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Is my traceability performance "good enough"?

Introduction By Julie Barrett O'Brien

Coffee & Tea Traceability: at the Click of a Button

If you are asking yourself "What is traceability?" and/or "Should I integrate a traceability solution into my supply chain?", then the following article, written by four senior managers from John Deere Food Origins, is just for you.

But before you get started, frame your thinking with the following anecdotes in the following ideological metaphor:

* Imagine a world where at the click of a button, a retailer can scan an SKU and know exactly from which farm(s) the coffee or tea was purchased.

* Imagine a world where at the click of a button, a retailer can identify the chemicals used on the farm.

* Imagine a world where at the click of a button, a mill can locate exact qualities, quantities, and location of their inventory.

* Imagine a world where at the click of a button, you can answer all government regulatory questions.

* Imagine a world where at the click of a button, you can answer the question "How much did that farmer get paid?"

This "click of a button" scenario world is not so far away, and for good reason. Tracking and tracing provides valuable benefits including identity preservation, product differentiation, operational efficiency, quality control, meeting regulatory demands and brand equity assurance. As the following article highlights, how much you want to know will dictate how far you have to go with a traceability program.

Is traceability feasible? Yes. Easy? No. But neither was the integration of technology into a paper based system. Can you imagine the world today without email? Nether can I, and I can not imagine our future coffee and tea supply chains without traceability.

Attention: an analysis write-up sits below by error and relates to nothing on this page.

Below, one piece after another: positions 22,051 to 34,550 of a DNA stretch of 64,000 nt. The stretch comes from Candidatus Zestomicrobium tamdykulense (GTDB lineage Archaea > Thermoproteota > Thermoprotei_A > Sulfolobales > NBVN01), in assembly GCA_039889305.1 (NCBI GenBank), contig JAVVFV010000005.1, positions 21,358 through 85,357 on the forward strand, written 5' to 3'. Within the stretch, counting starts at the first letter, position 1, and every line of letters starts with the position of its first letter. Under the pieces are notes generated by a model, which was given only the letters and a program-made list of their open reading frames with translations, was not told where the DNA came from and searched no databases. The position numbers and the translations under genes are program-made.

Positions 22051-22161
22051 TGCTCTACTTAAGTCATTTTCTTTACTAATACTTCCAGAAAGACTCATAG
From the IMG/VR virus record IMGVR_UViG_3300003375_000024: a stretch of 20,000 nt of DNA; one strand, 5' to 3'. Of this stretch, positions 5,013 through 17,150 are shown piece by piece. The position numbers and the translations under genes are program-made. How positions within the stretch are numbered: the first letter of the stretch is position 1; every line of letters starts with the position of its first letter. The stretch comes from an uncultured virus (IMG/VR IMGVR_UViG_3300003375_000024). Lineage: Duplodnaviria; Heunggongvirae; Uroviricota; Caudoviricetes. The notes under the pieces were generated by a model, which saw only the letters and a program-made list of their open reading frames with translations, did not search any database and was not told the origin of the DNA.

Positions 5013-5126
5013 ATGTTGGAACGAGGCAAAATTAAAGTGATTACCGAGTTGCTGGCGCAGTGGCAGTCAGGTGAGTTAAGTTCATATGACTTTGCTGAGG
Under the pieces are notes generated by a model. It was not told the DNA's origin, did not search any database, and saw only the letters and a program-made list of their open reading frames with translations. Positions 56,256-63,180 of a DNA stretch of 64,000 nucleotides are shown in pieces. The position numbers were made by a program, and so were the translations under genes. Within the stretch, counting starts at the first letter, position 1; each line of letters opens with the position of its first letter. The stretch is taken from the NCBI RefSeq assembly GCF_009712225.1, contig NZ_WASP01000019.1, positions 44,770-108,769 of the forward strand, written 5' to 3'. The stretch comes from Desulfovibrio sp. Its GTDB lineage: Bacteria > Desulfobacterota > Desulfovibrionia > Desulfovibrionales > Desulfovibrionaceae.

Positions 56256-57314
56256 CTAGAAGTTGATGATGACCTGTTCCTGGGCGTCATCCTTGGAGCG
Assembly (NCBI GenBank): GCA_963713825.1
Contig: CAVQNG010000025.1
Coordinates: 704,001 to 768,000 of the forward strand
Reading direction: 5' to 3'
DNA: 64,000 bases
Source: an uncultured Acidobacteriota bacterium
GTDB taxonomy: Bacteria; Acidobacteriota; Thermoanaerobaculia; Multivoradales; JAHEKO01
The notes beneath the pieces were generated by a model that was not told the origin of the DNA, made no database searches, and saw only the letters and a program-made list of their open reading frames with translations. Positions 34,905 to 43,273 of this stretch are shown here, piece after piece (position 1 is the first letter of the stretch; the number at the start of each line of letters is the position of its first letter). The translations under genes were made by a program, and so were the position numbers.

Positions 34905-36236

We've worked with a number of food companies that have told us they have "pretty good" traceability, maybe even good enough to meet the FDA's Bio-Terror and Preparedness Act "one-up, one-back" recordkeeping provisions, or industry sustainability demands. After all, they have detailed accounting records for the purchase of raw their coffee or teamaterials and the shipment of finished goods. Doesn't this qualify as "pretty good" traceability? What is the point of going any further? Why bother tracking across the entire supply chain, as a product is grown, bought, sold, transported, and processed?

Like most questions worth exploring, the answer lies not in black or white certainty, but with an equivocal "it depends." Traceability has no intrinsic value in and of itself; rather, it is the well-designed application of traceability that has meaningful business impact. Therefore, the question "is my traceability performance good enough" is the wrong question. Evaluating a traceability program without a well-defined sense of purpose as "pretty good" is a bit of a fool's errand without asking the right question up front: "what business objectives do I want my traceability program to achieve?" It is only in this context that your traceability strengths, weaknesses and requirements will come into focus.

Traceability Needs Assessment

When considering your traceability requirements, always keep the operative question at the top of your mind: what problem is it that I am trying to solve, and/or what opportunity, is it that I am trying to capitalize on? From there, every action you take must be focused upon enabling the achievement of those well-designed goals.

While planning is no substitute for action, action not tethered to a well-thought-out plan is just energy randomly expended. That is why when considering the nature of your traceability program, the time spent in defining the opportunity or problem will be the most important investment you can make in a traceability program. Following are some of the objectives we have observed that coffee, tea, food and beverage companies try to achieve when deploying their traceability programs:

* Brand assurance

* Identity preservation

* Inventory management: managing raw material to specification

* Benchmarking farmer performance

* Documentation to substantiate branded claims

* Contract compliance

* Customer management

* Regulatory compliance & food safety